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Old 08-06-2014, 09:46 AM   #1
airheadpilot OP
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Super Tenere Cam Chain Tensioner Failure

A couple of weeks ago I went to hop on my 2012 Super Tenere (54K miles) to ride home from school. I hit the start button and it fired for a few times and then abruptly died. Bummer. Tried again - nothing. Tried WOT - nothing. Tried letting it sit for 20 minutes - nothing. Tried roll-starting it on a hill - nothing. Tried every combination of starting routines that I could think of doing in a parking lot with no tools, basically until the battery was dead. Solid cranking, but not one single combustion event. As the battery grew more dead, it displayed the "14" error code on the dash, but I think that has more to do with the dying battery than anything else. In the end, my buddy came and rescued me and took me and the bike to my dealer. I was thinking fuel pump, TPS, or some other EFI failure.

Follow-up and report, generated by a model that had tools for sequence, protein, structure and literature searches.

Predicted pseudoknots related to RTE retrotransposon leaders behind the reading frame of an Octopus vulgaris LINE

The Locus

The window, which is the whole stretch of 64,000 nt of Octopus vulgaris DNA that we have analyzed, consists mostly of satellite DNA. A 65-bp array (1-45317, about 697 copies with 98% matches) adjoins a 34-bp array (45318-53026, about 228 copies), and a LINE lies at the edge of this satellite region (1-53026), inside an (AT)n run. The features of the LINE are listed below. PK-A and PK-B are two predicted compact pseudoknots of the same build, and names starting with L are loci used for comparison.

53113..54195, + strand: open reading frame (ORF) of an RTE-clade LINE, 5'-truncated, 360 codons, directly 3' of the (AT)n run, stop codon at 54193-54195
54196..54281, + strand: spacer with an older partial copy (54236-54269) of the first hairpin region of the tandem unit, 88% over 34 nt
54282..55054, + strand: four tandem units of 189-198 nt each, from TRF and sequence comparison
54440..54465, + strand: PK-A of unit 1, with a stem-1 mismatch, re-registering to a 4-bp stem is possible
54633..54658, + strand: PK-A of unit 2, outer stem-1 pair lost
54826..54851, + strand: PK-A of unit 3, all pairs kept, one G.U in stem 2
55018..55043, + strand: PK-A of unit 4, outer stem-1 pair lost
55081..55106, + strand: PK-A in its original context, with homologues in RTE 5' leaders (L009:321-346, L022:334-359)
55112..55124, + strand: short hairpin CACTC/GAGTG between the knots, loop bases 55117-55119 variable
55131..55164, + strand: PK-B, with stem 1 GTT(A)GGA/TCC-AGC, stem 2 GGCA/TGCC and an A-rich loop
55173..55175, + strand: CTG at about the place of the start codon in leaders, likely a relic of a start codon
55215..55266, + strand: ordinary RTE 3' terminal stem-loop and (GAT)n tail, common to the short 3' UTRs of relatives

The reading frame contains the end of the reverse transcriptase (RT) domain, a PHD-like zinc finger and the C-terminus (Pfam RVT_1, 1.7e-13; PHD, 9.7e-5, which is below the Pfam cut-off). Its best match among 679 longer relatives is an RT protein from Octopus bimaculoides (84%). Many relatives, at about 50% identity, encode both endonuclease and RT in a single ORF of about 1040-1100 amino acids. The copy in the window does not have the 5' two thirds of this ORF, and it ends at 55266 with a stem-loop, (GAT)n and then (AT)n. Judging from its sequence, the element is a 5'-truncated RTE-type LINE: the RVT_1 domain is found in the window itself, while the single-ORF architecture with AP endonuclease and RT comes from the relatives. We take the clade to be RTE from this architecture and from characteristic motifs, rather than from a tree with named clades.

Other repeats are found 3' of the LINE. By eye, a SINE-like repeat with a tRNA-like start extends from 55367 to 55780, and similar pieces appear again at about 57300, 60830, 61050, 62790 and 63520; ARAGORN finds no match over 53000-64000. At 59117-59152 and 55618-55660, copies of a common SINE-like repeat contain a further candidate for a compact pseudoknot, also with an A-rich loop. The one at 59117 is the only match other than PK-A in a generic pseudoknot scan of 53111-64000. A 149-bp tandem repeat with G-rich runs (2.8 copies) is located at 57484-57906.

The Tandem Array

Last Friday, I got a call from the dealer. They had a hell of a time diagnosing the problem. The bike's computer didn't tell them anything revealing, the EFI system seemed to be fine, the bike had spark, etc. It was only when they took the valve cover off that they realized the problem. The cam chain had jumped a few teeth on the sprockets and the cams were out of phase with the crank. What's more, this had resulted in piston-on-valve interference and I now had bent valves. I'm looking at a complete top-end rebuild and many pennies.

The bike is out of warranty. Of course I didn't spring for the Y.E.S. coverage - it's a Yamaha, not a BMW after all. The service manager asked me what I wanted to do. I told him to fix it. I figure that, whatever I decide to do next, the bike is worthless to me broken. If I decide to sell it, I want to be able to say that it's totally fixed and in good condition. He's going to work with Yamaha to see if they'll cover some or part of it. He's had some luck with them doing that in the past for "shouldn't have happened" failures, even when the bike is out of warranty. As of this writing, no word yet on the total repair estimate or timeline, and no word whether Yamaha is going to chip in, and for how much.